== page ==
New and emerging occupations are raising the importance of analytical skills, such as science, mathematics and programming.
As 14 states and one territory prepare to hold primaries or caucuses on Super Tuesday, here’s a look at how Democrats see climate change.
Nearly as many Americans say protecting the environment should be a top policy priority (64%) as say this about strengthening the economy (67%)
Solar and wind power use has grown rapidly in the past decade, but as of 2018 those sources accounted for under 4% of all energy used in the U.S.
Most Americans say they're changing at least one everyday behavior to help protect the environment, but are they doing enough to make a difference?
Some 46% of U.S. homeowners say they have given serious thought to adding home solar panels in the past year, up from 40% in 2016.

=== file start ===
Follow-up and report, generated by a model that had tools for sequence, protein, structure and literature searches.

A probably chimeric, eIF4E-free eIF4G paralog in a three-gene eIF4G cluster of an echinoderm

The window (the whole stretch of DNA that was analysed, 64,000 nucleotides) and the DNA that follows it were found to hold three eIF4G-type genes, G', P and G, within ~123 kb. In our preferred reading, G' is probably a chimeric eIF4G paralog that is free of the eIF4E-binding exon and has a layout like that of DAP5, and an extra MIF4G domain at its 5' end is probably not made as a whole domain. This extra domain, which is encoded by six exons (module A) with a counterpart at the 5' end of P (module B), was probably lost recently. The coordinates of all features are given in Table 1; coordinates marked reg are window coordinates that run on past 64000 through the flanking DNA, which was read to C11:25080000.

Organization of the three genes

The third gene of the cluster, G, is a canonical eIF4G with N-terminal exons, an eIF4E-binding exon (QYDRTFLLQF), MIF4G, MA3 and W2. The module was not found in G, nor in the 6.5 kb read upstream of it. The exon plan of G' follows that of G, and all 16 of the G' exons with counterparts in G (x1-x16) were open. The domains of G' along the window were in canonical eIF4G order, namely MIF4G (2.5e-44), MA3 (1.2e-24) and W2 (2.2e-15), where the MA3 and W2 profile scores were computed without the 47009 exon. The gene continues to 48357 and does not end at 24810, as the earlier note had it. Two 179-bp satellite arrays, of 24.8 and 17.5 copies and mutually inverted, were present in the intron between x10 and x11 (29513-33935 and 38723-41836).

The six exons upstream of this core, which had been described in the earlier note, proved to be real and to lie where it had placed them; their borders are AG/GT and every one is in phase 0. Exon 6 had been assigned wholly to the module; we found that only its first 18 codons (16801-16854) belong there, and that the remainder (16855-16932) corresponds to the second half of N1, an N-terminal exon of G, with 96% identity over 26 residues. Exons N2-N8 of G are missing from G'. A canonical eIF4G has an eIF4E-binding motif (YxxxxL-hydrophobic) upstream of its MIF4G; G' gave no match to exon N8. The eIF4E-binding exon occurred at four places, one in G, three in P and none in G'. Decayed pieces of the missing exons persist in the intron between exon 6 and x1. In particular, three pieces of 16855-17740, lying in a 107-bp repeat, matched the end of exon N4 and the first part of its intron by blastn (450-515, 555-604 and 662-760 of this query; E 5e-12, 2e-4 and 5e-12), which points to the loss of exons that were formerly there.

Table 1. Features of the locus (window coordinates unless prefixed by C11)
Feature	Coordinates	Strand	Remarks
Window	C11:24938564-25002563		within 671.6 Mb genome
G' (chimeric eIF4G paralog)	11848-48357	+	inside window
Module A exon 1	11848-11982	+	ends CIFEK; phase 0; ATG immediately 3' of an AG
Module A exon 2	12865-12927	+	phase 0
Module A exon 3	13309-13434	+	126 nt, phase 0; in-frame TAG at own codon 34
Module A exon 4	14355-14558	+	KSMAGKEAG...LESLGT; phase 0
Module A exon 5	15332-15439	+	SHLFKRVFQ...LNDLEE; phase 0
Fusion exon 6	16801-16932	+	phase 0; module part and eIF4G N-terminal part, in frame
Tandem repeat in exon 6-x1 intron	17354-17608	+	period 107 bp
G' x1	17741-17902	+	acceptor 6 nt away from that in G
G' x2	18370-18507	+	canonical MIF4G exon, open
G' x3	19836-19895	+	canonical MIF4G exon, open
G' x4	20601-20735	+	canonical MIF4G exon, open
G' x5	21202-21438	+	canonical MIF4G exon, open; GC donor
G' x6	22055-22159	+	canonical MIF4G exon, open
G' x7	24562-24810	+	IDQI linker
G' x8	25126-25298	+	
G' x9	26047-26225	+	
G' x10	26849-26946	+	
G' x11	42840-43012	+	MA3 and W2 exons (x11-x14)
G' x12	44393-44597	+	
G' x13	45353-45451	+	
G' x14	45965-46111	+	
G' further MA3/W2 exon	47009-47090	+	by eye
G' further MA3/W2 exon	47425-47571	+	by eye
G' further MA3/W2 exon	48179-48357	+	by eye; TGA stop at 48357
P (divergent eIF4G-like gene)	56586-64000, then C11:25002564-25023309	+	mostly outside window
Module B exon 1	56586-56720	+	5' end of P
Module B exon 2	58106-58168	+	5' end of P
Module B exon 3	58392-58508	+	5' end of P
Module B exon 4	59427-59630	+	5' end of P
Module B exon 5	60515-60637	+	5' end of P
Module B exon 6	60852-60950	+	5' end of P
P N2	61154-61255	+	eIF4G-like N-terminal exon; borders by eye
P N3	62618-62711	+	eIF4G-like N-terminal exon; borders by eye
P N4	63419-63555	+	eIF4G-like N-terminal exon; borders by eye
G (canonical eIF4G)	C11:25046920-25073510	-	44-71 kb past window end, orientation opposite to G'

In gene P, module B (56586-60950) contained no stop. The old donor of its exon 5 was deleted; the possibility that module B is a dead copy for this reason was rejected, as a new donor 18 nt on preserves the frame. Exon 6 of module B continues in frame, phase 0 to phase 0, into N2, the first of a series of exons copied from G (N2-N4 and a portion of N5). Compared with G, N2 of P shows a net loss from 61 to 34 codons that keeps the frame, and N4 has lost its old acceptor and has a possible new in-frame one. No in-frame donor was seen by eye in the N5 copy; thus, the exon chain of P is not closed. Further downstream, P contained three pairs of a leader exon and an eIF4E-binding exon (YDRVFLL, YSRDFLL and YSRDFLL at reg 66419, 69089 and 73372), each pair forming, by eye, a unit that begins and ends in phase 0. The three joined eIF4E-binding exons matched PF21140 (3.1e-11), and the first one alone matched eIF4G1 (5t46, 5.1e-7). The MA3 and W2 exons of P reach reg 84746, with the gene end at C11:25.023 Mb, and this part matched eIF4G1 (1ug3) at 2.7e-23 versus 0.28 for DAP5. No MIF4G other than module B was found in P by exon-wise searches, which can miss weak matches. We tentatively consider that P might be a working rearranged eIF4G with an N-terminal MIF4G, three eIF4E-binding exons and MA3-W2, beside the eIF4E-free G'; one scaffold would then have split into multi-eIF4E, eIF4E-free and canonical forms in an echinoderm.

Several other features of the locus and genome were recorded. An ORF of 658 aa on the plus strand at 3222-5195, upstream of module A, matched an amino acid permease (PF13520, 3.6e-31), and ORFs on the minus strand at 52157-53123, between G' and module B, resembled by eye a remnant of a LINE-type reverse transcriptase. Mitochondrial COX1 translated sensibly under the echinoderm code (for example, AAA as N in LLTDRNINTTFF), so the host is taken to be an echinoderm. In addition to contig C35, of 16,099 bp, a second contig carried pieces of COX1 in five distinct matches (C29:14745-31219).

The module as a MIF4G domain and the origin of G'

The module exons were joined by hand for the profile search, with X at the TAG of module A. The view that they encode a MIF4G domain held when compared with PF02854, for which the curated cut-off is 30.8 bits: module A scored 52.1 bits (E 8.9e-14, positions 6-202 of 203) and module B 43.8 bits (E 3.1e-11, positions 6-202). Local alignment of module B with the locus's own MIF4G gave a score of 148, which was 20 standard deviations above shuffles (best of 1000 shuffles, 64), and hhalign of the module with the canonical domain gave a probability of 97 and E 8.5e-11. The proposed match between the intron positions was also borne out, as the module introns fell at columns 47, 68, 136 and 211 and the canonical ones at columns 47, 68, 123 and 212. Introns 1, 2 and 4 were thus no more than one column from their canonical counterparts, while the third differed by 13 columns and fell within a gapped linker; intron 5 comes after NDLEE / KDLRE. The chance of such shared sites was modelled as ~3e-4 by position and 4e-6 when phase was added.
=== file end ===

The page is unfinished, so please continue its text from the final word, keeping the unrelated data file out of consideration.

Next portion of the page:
About seven-in-ten in Pacific states say climate change is affecting their local community at least some. That compares with 54% in Mountain states.
There are significant divides between younger Republicans and their elders in the GOP on a range of environmental and energy issues.
The share of Americans calling global climate change a major threat to the U.S. has grown since 2013, an increase that has occurred largely among Democrats.
A majority of Americans have a positive overall view of environmental health scientists, though their opinions are more mixed when it comes to trust in them to do a good job, show concern for the community’s interest and provide fair and accurate information.